Hourglass Star

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What you’ll need:

  • Two fabrics of contrasting colors.
    • Background
      • 5 squares 2.5″x2.5″
      • 2 squares 3.5″x3.5″
    • Contrast
      • 2 squares 3.5″x3.5″
  • Fabric Marker/Chalk
  • Cutting Implement and Ruler

What to Do:

  1. Place 1 – 3.5”x3.5” Background square and 1 – 3.5”x3.5” Contrast square right sides together.

  2. Draw a diagonal line across the center from point to point, then draw another line 1/4 inch to either side of the center.
  3. Stitch on top of both outer lines, then cut down the center line.
  4. Press open, with the seam facing the darker fabric. This yields 2 Half-Square Triangles, or HSTs. IMG_0447
  5. Take the 2 HSTs and place them right-sides together (face to face, dark to light). Make sure the seams fit snugly together without any gaps.
  6. Draw a diagonal line from corner to corner, bisecting the original seam. Draw another line 1/4” to each side of the center. Stitch the two outer lines, and cut down the center. This yields 2 Hourglass units!IMG_0449
  7. Square up all four Hourglass units to 2.5” (Make sure to keep the intersection in the center of the block, and trim from all four sides, or your hourglass will be lopsided!) IMG_0457
  8. Lay out the four hourglass units with the background fabric pieces as in the picture. IMG_0460
  9. Stitch together in rows, then stitch the rows togetherIMG_0461


When you’re done, you have a 6.5″ unfinished block that will finish to a 6″ block.

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Tutorial available at MissPrissQuilts.com

Questions? Email maggie@missprissquilts.com

 

6 thoughts on “Hourglass Star

  1. I love the elegance of this design. I am a very beginner and would love to try this as my winter project. How much fabric would I need of each for a king size. Thanks so much for your assistance. Diane

  2. Diane,
    I’m so glad you like it, and welcome to the quilting club!!

    As to your question, this is a long answer, so don’t be overwhelmed! Your total fabric need depends on several factors, including how wide of a sashing you decide to put between the blocks, and the finished size of each block. For sashing, you can use as large or as small as you want, but I usually make mine somewhere between a quarter to a third of the size of my blocks.

    That said, in a king size quilt, you might be happier with bigger blocks. These instructions finish at 6″, but I’d be happy to send you updated cutting instructions for bigger blocks so you don’t have to make quite so many stars!!! (I’d say a 9″ block might be a good size to start with!)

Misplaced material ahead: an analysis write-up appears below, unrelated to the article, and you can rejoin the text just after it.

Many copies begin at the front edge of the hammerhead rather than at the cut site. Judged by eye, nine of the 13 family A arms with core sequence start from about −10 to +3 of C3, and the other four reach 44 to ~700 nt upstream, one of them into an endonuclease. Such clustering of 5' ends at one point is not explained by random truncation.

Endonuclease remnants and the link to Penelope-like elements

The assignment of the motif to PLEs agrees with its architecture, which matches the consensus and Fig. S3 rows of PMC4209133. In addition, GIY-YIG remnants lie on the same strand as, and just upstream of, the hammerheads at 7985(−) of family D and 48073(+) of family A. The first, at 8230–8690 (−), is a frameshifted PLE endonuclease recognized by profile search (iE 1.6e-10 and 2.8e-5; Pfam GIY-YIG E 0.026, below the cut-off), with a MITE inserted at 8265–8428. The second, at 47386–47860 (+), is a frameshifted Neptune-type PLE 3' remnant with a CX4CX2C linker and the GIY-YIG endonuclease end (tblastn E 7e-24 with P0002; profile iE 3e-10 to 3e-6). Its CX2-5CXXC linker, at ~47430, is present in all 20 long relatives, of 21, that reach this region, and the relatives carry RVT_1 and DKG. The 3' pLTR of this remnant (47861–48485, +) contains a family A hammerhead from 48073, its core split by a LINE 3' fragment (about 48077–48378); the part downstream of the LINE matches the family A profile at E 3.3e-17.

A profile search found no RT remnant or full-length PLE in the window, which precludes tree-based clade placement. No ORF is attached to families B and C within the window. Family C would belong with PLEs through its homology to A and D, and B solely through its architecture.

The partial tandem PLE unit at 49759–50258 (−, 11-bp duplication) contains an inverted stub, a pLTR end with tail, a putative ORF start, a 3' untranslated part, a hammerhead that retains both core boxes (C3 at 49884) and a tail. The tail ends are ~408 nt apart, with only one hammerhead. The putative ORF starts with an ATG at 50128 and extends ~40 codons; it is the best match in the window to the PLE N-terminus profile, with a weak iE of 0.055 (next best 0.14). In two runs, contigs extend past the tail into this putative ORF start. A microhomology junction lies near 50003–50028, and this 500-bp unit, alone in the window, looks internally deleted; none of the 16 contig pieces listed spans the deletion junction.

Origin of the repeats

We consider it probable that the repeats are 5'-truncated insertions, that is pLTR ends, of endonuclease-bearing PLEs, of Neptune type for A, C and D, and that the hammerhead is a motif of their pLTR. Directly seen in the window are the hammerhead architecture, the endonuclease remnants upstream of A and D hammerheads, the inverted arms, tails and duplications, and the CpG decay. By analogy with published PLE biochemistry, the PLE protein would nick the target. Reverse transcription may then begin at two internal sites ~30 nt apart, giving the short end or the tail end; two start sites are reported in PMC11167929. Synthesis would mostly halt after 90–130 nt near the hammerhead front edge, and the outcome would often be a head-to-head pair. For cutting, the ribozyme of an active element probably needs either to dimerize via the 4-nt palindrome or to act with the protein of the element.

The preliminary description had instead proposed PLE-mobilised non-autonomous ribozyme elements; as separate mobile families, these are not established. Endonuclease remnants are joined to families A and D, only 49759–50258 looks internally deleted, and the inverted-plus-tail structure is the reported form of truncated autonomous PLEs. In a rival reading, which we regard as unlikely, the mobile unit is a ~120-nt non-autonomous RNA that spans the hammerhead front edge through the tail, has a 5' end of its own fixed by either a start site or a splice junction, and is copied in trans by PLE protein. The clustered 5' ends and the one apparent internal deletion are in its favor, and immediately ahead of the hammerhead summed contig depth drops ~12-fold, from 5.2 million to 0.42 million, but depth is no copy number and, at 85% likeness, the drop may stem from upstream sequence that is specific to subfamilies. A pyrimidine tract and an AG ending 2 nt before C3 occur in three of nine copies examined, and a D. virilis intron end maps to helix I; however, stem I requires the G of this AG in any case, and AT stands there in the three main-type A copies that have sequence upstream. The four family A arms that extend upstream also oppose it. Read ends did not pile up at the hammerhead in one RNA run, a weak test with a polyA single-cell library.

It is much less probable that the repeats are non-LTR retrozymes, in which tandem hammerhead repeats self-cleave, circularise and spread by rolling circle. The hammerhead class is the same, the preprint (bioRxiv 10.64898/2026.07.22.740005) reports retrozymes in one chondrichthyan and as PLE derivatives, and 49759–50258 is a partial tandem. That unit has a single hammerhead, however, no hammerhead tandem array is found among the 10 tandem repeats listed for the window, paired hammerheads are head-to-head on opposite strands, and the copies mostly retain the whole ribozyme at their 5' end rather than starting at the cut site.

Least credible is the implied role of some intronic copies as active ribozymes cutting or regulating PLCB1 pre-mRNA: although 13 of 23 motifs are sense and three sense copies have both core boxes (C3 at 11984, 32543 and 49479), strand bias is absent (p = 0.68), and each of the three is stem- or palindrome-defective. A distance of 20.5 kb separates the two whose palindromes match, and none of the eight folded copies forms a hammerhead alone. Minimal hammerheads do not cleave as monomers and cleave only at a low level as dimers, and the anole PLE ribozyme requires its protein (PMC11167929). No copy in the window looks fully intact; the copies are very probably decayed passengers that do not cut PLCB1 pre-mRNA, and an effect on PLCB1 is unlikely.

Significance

I’d say to make a whole quilt top, you’re looking at around 4 yards of each fabric, give or take a little. I’d be happy to help you in any way I can, just let me know! And I’ll get you the other measurements this evening!

    M

  3. Thanks so much. I was already thinking that I would make the blocks larger, I was thinking maybe a 12 inch block. I had not thought of putting a sash between the blocks, I guess I could use a third fabric for the sash, is that what you recommend. Any assistance would be greatly appreciated. Thanks, Diane

  4. 12″ would be a great size! I definitely recommend using sashing, as it means there are fewer seams coming together in one place, so it’s less bulky. You could use a third fabric, or you could repeat one of your two existing fabrics. If you repeat the star fabric, it makes it look more like a frame around each block. If you repeat the background fabric, the sashing doesn’t really show up, it just makes more space between each star. I also like to put a wide border around the outside. I’ll draw something up for you this evening and send it to you by email!

  5. Thank you so much. I was thinking of using a black and white pattern. Maybe the star in black with white accents and the background white with black accents, maybe even using the center in the red family. Thanks for your assistance. What would you suggest as the sash? Looking forward to hearing from you with your ideas.
    Diane

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